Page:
Removing silicone and caulk: 3 ways to get rid of old or discoloured sealant

Old caulk being removed in bathroom with caulk removal tool
(Image credit: Getty Images)

It's time to start removing silicone or caulk when it begins to discolour, lift off the surface and starts to let in water where it's not wanted. The purpose of sealant is to seal up small gaps with a smart smooth, flexible finish that can repel water. 

There is an art to caulking and the same applies when it comes to removing caulk or silicone from the bath, shower, sink, skirting boards or wherever else you have in your home. 

Before replacing any silicone or caulk you need to get rid of as much of the old as possible. A poorly prepped surface with old sealant left behind is not what you want. The new silicone or caulk won't adhere as well, won’t last as long and won’t be as watertight.

Here we tell you how to get rid of old silicone and caulk and ready the area for the new. 

1. Removing silicone or caulk with a knife 

To remove the bulk of the sealant you will need a Stanley knife or a putty knife, effectively something with a sharp edge. Make sure you have a nice new sharp blade on your Stanley knife. 

If you have been siliconing a shower or bath hold the knife against the surface where you are going to cut i.e wall or bath, to help keep a steady hand. Push the knife blade into the sealant as close to the surface as possible.

Typically you will need to push the knife in around 10mm if possible. Then drag the blade along the silicone or caulk edge, keeping it as close as possible to the wall or whatever surface you are working with. Now repeat on the other edge of the sealant to remove most of it.

To finish, run the knife along the edges of any leftover silicone or caulk and if needed pull out with a pair of needle nose pliers. To get rid of fine caulk use a window paint scraper or just the blade for more intricate areas but be careful.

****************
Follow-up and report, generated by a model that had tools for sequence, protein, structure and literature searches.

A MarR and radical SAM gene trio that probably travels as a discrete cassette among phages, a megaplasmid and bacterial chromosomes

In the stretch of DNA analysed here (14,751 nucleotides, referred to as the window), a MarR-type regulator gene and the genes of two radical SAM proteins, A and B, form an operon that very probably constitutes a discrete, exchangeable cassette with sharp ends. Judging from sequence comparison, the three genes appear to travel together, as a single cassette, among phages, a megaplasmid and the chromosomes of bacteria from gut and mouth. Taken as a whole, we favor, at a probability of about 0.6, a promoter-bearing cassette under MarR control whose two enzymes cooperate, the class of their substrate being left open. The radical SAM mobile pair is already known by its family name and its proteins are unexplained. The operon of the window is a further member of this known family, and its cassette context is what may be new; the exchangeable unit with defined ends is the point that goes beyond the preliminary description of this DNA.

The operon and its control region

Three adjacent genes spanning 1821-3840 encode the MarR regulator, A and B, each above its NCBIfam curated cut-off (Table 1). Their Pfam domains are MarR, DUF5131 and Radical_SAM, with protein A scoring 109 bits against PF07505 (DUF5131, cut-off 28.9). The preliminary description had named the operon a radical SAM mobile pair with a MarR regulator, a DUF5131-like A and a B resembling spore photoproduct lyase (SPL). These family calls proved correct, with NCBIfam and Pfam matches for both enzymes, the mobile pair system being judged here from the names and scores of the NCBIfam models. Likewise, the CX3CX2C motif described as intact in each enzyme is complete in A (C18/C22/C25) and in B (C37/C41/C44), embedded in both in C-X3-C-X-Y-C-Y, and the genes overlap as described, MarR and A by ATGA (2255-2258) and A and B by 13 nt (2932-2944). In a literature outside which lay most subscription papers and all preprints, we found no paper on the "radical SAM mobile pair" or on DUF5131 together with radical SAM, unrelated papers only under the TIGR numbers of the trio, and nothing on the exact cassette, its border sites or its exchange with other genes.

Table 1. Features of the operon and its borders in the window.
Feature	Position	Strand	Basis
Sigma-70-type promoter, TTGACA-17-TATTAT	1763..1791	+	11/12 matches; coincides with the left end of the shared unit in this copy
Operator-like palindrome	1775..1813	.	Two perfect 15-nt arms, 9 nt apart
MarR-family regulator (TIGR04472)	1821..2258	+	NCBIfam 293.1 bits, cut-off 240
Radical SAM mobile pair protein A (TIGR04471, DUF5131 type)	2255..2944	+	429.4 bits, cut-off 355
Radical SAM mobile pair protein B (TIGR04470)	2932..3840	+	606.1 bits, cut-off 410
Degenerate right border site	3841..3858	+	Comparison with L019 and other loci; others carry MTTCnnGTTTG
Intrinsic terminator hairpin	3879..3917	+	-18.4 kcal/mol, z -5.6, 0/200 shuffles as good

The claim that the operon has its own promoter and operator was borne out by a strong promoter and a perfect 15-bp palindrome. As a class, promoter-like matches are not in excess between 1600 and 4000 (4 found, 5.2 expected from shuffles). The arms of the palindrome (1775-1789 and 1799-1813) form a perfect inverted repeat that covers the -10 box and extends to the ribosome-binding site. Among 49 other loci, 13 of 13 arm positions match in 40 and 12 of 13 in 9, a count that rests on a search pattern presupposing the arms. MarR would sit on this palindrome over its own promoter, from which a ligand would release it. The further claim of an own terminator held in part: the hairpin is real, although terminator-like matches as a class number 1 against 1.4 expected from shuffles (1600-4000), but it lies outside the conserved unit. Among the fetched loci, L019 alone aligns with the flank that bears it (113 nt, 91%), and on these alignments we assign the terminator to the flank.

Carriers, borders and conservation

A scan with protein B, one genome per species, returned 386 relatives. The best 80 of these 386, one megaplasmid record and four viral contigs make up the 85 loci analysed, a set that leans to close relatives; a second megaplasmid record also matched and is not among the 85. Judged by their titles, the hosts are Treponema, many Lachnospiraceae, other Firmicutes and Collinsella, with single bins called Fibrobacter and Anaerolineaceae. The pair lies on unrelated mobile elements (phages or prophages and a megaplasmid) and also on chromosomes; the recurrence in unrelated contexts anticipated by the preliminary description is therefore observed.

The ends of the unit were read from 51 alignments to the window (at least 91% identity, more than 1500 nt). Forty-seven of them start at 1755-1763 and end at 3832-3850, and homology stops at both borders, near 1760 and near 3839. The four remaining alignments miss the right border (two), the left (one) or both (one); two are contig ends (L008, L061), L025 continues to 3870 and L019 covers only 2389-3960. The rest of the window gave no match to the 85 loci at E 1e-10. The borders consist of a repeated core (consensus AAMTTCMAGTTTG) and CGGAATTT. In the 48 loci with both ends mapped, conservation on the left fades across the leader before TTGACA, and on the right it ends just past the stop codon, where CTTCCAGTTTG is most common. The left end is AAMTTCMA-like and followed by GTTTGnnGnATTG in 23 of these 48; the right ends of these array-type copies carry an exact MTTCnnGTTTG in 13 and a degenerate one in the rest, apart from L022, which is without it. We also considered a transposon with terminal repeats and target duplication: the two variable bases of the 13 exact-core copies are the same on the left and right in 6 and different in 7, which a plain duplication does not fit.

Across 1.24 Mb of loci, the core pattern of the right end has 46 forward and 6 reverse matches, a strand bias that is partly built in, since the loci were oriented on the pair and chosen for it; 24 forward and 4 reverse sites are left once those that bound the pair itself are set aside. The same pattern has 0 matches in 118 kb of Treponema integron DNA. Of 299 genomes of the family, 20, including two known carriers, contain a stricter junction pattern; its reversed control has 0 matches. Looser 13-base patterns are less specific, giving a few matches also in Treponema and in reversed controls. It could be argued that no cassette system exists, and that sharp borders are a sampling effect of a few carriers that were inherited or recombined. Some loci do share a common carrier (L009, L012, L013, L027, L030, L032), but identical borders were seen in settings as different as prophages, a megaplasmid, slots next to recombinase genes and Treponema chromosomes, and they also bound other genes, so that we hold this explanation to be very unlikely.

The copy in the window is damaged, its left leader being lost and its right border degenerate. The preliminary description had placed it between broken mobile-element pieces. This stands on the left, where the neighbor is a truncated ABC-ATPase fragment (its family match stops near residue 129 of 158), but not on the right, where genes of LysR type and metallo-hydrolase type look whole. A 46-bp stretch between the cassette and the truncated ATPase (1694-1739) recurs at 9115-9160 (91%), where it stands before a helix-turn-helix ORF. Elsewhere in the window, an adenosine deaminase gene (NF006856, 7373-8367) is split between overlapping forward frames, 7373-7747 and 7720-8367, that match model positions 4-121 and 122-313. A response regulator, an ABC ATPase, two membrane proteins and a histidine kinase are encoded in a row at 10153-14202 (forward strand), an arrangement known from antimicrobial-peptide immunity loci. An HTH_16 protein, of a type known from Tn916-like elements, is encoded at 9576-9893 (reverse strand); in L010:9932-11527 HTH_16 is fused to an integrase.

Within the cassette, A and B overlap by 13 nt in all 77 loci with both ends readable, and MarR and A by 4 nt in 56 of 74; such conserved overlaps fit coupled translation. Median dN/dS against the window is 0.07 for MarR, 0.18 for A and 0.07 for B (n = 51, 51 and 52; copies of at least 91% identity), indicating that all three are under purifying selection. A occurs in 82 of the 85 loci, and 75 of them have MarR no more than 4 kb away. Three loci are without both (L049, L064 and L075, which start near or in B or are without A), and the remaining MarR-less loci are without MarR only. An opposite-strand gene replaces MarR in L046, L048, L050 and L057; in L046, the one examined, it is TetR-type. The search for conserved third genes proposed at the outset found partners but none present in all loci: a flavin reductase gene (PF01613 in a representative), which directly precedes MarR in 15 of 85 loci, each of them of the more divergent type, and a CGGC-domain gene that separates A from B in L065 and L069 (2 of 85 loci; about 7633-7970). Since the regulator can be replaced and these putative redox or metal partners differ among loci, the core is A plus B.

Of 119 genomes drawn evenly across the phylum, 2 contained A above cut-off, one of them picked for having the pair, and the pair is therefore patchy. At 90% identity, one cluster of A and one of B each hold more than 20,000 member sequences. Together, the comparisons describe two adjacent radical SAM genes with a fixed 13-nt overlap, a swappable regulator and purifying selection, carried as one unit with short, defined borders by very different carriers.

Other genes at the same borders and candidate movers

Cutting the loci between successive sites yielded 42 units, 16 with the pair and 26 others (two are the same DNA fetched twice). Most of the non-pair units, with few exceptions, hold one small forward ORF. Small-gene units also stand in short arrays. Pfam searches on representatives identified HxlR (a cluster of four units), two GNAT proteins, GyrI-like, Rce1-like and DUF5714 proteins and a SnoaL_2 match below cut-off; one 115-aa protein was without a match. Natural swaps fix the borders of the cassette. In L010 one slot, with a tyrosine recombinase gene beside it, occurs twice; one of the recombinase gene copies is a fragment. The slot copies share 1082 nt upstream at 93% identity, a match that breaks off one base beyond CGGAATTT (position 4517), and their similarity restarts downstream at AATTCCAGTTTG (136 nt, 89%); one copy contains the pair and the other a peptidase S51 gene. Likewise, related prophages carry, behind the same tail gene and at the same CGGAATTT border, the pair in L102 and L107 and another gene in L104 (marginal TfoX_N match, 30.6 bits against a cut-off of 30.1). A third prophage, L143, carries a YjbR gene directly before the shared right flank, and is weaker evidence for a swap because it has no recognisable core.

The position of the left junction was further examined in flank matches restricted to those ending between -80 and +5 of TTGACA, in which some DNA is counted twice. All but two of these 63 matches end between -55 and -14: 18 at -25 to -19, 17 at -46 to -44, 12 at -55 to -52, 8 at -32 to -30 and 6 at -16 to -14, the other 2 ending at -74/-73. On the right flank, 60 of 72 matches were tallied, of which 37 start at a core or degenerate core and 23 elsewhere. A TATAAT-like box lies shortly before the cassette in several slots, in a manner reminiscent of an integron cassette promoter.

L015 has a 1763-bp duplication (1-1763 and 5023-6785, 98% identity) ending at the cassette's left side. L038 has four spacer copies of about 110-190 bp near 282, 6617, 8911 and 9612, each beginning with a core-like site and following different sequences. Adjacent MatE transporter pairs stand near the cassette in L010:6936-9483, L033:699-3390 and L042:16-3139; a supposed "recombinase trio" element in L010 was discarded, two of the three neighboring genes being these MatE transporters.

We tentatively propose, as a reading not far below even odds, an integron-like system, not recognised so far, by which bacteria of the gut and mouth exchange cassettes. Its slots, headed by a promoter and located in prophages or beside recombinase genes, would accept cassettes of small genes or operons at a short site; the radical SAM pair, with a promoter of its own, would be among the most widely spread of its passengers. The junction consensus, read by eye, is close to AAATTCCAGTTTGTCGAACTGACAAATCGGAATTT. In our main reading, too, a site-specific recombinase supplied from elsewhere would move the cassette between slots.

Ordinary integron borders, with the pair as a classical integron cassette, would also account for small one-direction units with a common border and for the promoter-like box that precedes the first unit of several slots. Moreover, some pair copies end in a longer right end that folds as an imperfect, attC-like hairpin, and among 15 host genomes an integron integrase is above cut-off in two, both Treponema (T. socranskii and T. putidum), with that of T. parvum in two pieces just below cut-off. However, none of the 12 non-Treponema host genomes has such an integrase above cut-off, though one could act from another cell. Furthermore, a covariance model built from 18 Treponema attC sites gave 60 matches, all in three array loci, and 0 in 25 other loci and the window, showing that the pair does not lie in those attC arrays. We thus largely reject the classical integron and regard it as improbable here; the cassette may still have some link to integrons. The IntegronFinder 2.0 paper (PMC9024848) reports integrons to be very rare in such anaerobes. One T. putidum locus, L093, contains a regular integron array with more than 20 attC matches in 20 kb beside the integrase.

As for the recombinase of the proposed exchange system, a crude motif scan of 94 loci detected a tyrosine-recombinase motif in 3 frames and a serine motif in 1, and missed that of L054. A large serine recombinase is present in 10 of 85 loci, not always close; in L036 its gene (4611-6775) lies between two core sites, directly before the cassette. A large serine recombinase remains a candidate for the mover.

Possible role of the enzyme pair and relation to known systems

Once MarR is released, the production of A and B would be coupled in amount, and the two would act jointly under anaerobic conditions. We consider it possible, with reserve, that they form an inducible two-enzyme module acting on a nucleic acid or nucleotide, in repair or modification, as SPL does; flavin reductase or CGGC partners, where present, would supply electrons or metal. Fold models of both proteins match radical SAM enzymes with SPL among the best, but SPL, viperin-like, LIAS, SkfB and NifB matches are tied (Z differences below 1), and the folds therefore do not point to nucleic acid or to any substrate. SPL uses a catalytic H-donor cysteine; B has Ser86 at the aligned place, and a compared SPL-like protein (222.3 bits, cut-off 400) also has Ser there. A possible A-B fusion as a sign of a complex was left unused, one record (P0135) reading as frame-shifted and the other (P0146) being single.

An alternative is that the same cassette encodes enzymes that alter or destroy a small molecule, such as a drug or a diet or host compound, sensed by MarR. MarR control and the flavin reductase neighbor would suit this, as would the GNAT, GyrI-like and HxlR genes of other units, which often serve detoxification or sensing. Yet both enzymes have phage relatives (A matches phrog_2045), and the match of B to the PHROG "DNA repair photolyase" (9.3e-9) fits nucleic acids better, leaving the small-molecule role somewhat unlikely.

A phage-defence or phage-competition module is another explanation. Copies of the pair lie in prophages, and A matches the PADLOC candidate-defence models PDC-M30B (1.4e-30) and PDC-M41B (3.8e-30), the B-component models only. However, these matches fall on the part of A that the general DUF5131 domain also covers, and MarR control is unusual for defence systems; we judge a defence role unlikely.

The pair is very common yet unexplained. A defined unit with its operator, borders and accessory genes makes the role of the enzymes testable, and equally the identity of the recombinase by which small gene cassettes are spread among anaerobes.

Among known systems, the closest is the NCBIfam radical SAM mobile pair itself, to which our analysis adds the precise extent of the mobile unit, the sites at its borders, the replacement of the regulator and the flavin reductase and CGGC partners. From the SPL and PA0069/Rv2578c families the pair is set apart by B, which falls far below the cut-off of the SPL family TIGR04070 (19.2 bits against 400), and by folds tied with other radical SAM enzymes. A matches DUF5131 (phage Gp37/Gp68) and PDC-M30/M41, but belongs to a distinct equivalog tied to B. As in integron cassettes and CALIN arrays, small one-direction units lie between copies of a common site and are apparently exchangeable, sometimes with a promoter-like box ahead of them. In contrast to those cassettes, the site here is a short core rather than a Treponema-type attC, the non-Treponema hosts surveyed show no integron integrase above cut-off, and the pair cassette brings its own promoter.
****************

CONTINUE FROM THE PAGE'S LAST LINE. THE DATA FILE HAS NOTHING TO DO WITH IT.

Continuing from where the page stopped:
2. Use a specialist tool to remove silicone or caulk 

An alternative to using a knife to remove sealant is to invest in a specialist sealant removal tool or kit. There are two common designs:

  • One has a blade and a handle, similar to a knife, but the handle is typically thinner making it easier to get closer to the edge — and a serrated blade to help remove sealant further down a gap. 
  • The other has a plastic or metal end in a V shape, which makes it really easy for quick removal. Work into the silicone or caulk and drag and push along the caulk line while gently pushing down. Repeat to remove more of it. This is the ideal choice if you have been caulking skirting boards and are looking to refresh the caulk. 

Silicone/caulk removal tool on a bath against a background of white metro tiles

A specialist sealant removal tool makes it quick and easy to remove silicone or caulk (Image credit: Future/Steve Jenkins)

3. Getting rid of silicone or caulk residue 

After using a knife or specialist removal tool there is most likely to be remnants of sealant left on the surface. A windows scraper or razor blade will get rid of most of the fine debris, but there will still be fine residue left. 

To get rid of the final sealant residue use white spirit or undiluted sugar soap with a cloth or kitchen scourer sponge for more stubborn areas.

Can I soften silicone or caulk for removal? 

You can. There are a few options for softening up caulk or silicone, such as a water and vinegar mix or spraying with WD-40. But these struggle to work on well-applied sealant that you are replacing. WD-40 is OK for softening thin silicone or caulk residue and will help in the removal process, but it has a strong smell that lingers.

If you need to soften the sealant before removing try Unibond Silicone Sealant Remover. But, again this is best used on sealant that has been removed with a knife or specialist tool. If you do decide to use a sealant remover make sure to check on what surface it can be used.

Knowing how long silicone takes to dry – it's very similar to caulk – is useful. If you apply new caulk or silicone and mess it up you will need to let it dry before you can think about removing it and starting again.   

Steve Jenkins

Steve is Homebuilding & Renovating's DIY content editor, and has been a writer and editor for two decades. He is an avid DIYer with over 20 years of experience in transforming and renovating homes. He specialises in painting and decorating, but has strong all-round building skills, having previously worked in the industry for 10 years.